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Each year the international network of University-based Institutes for Advanced Study (UBIAS) selects a ‘Topic of the Year’; a topic of global importance that is explored through different activities and formats. In 2019 the Topic of the Year is: Migration.


About the topic: Migration

The question of migration is not only timely politically and culturally, it also challenges received methods of social research. Migration is at once a historical constant, a social predicament, a political gambit, a human rights emergency, a geo-political trend, an economic calculus, a literary trope, a highly mediatized phenomenon, and more. If the terrain of various “migration/refugee crises” is constituted by statistics, law, testimonies, reportage, and a flood of media coverage all at once, it also demands research methods and outputs that are equally interdisciplinary. In particular—given that the face of various “migrant/refugee crises” is profoundly shaped by data (on the one hand) and iconic images (on the other)—the fields of “digital humanities” and “research-creation’ (or art/science research) are particularly well equipped to turn their attention to the questions raised by the movement of populations across the globe. Research on this topic could then not only substantively address a major predicament of the 21st century, but methodologically develop and elaborate new methods for interdisciplinary advanced study more generally.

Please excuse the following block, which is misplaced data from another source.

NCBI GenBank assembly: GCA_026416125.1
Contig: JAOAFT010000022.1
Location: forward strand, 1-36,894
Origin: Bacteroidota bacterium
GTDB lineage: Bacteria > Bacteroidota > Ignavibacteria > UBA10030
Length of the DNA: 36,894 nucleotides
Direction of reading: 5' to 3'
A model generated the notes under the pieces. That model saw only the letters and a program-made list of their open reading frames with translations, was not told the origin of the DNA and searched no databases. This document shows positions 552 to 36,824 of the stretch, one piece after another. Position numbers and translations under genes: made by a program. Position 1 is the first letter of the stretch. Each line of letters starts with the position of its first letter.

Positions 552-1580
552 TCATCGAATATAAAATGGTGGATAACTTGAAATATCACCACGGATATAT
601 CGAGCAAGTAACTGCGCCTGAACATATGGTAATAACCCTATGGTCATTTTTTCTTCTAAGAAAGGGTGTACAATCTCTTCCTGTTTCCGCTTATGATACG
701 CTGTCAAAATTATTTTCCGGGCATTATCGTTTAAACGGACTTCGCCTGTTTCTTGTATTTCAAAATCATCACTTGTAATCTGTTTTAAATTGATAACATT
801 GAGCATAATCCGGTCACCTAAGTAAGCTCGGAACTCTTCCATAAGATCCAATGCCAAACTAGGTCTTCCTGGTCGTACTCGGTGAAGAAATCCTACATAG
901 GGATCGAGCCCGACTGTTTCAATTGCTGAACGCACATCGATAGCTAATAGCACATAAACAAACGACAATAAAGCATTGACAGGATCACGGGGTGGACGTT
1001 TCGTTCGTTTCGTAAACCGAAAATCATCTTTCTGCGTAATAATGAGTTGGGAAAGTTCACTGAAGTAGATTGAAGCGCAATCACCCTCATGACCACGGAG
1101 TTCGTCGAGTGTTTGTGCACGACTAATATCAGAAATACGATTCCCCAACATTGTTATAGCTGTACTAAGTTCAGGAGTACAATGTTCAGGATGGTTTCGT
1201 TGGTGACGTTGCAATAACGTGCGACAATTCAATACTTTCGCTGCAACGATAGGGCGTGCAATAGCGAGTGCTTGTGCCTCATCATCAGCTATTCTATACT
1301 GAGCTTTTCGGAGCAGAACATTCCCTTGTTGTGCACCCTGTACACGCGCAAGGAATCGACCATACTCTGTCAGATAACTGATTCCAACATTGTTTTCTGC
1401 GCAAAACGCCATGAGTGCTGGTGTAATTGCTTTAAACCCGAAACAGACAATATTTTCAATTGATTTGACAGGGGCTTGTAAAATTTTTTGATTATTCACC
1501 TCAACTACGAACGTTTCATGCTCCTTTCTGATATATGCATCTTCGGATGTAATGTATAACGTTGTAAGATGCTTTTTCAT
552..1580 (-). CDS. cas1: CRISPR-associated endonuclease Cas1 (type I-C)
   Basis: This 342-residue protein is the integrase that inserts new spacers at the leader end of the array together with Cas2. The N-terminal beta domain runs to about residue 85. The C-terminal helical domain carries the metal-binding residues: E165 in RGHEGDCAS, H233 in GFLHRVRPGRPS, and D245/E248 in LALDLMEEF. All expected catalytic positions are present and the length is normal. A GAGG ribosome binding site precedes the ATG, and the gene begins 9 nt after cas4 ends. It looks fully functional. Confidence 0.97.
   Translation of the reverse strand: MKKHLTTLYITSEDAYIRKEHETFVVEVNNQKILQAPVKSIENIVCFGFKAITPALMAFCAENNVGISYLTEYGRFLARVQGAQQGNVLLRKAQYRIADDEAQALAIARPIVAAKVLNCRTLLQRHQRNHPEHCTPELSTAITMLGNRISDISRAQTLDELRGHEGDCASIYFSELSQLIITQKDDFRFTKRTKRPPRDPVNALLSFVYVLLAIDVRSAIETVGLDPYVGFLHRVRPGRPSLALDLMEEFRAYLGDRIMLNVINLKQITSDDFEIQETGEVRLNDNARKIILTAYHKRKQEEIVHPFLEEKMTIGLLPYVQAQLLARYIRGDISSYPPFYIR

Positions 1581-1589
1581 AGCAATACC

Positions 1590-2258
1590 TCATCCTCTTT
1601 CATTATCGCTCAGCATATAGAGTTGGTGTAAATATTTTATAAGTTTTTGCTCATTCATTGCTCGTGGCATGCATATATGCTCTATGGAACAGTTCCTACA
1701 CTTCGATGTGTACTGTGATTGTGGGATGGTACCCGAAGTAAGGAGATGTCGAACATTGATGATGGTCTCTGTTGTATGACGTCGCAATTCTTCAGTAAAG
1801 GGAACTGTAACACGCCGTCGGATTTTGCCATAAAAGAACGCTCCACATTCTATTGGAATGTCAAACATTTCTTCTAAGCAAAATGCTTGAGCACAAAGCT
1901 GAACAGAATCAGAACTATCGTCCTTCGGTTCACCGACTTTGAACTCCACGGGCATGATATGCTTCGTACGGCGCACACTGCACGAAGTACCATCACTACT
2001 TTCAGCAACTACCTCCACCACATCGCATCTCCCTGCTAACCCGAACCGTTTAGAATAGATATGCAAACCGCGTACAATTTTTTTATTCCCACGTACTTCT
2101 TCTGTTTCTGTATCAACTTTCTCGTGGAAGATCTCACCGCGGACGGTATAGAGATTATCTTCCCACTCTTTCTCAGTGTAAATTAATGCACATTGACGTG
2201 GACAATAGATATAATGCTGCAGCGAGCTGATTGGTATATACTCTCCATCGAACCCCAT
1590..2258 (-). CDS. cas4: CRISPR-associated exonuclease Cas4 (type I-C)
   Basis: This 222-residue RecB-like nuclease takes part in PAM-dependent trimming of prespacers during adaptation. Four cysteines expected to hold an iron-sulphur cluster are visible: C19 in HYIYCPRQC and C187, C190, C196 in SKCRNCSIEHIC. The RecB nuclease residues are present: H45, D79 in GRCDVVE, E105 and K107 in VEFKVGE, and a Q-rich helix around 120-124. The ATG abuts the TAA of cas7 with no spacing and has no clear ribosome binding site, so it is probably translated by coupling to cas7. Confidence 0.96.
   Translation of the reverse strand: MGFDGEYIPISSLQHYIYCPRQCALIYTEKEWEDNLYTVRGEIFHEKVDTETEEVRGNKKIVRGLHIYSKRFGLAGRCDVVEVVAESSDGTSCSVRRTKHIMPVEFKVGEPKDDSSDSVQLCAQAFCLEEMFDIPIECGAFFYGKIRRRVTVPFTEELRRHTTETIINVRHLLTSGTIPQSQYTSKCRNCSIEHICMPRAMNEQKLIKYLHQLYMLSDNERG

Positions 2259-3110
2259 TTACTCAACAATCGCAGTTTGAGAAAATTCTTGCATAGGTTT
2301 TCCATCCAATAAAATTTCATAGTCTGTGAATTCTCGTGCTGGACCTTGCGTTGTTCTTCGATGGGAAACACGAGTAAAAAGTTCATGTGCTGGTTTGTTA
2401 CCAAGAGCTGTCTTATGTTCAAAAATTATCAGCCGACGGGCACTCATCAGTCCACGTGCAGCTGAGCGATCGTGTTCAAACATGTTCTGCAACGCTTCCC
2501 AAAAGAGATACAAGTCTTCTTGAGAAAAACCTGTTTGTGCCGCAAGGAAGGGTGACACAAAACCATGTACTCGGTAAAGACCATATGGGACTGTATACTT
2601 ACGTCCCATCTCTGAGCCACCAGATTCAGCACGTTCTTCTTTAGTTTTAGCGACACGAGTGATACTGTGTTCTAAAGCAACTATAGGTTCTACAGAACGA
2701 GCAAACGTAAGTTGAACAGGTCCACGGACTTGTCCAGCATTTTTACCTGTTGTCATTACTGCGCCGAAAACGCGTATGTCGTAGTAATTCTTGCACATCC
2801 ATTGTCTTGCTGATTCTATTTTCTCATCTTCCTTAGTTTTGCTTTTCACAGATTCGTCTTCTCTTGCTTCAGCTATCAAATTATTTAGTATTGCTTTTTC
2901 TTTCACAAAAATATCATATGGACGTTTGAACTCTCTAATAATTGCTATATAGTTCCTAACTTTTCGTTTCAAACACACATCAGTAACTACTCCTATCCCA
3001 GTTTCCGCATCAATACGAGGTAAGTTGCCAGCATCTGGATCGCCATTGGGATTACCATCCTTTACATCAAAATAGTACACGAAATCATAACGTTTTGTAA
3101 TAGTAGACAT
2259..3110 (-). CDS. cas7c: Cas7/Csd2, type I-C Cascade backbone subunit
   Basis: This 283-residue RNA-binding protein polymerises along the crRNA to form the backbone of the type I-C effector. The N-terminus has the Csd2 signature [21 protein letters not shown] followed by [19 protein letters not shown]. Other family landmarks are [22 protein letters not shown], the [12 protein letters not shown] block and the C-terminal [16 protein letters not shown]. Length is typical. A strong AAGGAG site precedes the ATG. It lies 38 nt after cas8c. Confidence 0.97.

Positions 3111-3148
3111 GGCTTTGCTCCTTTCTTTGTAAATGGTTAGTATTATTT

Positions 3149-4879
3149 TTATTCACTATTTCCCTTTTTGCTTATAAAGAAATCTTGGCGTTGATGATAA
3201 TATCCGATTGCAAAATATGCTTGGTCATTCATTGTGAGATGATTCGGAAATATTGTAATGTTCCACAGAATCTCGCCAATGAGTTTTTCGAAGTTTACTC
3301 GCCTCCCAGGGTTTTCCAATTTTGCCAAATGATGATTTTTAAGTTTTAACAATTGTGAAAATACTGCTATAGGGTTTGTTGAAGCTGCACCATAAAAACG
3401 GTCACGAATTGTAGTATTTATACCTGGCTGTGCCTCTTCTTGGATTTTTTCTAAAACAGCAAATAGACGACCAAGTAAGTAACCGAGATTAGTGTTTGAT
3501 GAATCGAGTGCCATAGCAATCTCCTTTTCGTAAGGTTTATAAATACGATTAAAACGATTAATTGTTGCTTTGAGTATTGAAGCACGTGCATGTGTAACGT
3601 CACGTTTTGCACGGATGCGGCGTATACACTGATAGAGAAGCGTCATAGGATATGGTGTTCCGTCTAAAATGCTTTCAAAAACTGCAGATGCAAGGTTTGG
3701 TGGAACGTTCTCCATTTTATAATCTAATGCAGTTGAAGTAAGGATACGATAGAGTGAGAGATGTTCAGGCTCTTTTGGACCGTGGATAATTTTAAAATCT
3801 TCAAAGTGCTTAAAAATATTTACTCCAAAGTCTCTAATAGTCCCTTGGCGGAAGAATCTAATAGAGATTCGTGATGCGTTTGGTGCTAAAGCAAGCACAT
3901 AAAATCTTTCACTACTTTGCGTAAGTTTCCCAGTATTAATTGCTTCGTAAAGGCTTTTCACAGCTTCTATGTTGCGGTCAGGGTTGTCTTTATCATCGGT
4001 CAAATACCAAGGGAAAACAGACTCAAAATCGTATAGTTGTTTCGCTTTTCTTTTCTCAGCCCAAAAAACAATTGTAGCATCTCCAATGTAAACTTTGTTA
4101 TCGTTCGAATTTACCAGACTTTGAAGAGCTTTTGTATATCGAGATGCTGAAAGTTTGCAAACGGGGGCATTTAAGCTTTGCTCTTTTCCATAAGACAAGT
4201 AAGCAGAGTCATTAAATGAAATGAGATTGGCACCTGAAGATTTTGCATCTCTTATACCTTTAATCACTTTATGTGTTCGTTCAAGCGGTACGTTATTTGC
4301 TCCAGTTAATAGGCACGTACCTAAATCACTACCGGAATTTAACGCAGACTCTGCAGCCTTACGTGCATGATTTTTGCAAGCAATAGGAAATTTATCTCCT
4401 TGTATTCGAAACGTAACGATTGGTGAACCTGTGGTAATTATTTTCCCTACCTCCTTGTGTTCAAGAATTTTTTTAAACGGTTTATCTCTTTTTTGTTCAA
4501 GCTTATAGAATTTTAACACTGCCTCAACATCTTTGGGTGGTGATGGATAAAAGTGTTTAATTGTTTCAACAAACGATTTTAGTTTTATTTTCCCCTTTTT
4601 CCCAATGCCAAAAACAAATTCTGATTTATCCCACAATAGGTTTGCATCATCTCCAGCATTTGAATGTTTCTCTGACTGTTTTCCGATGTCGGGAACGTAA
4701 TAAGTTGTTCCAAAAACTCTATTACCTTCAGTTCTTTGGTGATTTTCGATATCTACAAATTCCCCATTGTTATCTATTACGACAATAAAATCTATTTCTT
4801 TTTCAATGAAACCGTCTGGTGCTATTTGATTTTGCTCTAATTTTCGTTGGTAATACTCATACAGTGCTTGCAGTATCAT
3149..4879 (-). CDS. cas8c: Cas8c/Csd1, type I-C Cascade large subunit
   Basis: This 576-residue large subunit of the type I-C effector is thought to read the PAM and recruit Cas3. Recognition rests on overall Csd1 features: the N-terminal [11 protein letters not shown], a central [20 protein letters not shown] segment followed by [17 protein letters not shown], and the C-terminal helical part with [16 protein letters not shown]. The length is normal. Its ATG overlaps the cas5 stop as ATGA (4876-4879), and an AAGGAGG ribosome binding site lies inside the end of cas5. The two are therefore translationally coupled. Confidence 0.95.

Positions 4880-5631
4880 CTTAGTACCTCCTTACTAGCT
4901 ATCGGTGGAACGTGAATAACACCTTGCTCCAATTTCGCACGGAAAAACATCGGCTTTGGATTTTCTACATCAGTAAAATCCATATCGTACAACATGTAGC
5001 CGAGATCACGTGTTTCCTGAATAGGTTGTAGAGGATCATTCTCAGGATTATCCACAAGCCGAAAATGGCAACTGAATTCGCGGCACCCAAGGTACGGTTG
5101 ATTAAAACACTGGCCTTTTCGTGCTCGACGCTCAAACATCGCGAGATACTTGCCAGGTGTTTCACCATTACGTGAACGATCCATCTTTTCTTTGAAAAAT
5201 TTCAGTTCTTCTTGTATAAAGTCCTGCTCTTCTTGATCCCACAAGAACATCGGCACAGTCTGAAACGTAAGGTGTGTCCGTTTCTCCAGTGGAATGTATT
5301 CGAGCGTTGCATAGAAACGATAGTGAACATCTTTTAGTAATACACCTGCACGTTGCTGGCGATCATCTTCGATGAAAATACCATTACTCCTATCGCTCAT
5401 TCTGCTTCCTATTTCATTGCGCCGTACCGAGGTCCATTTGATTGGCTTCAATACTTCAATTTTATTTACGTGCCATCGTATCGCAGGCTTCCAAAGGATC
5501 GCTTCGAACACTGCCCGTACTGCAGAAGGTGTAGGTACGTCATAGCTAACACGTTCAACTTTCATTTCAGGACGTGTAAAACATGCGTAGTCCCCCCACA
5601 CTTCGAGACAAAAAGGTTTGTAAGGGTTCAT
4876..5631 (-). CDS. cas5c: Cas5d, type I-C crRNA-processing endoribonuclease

Another increasingly crucial topic to explore is the nexus between human migration and climate change. Are two of the most daunting challenges of our time indelibly intertwined? Increasingly, evidence points to a causal linkage with climate change and natural disasters driving to some degree the flow of migrants and refugees on the world stage. How have desertification, droughts, flooding and rising sea levels impacted the movement of human populations, and what can we expect in the near future? What evidence is there that climate change works as a “threat multiplier” for additional risks on the global stage? A less explored angle on this environment/migration connection concerns contrasting dispositions held towards the environment by immigrants versus non-immigrants. How might the perception of environmental risk lessen with time spent in a country with both great wealth and high levels of social inequality? How does awareness of the threat to the world’s ecosystems posed by climate change vary with acculturation to dominant consumer expectations, including diet, residential patterns, and transportation?

Finally, the involved large-scale population movements and the subsequent expected rising density in urban areas also raise obvious public health questions, the migrant populations being generally the most vulnerable components of societies. Rigorous theoretical and empirical studies of the health, demography and behavioral ecology of migrants are therefore eagerly needed not only for academic purposes but also to guide health policies towards these populations. Needless to say, this concerns not only human biology but also mental health issues, especially given the new patterns of migration. (Source: UBIAS)

About the UBIAS network

UBIAS stands for “University-Based Institutes for Advanced Study”. The UBIAS network was initiated in 2010. The network, that now comprises 44 members, was established to enable structured forms of exchange between UBIAS institutes worldwide, including biennial conferences and joint programmes.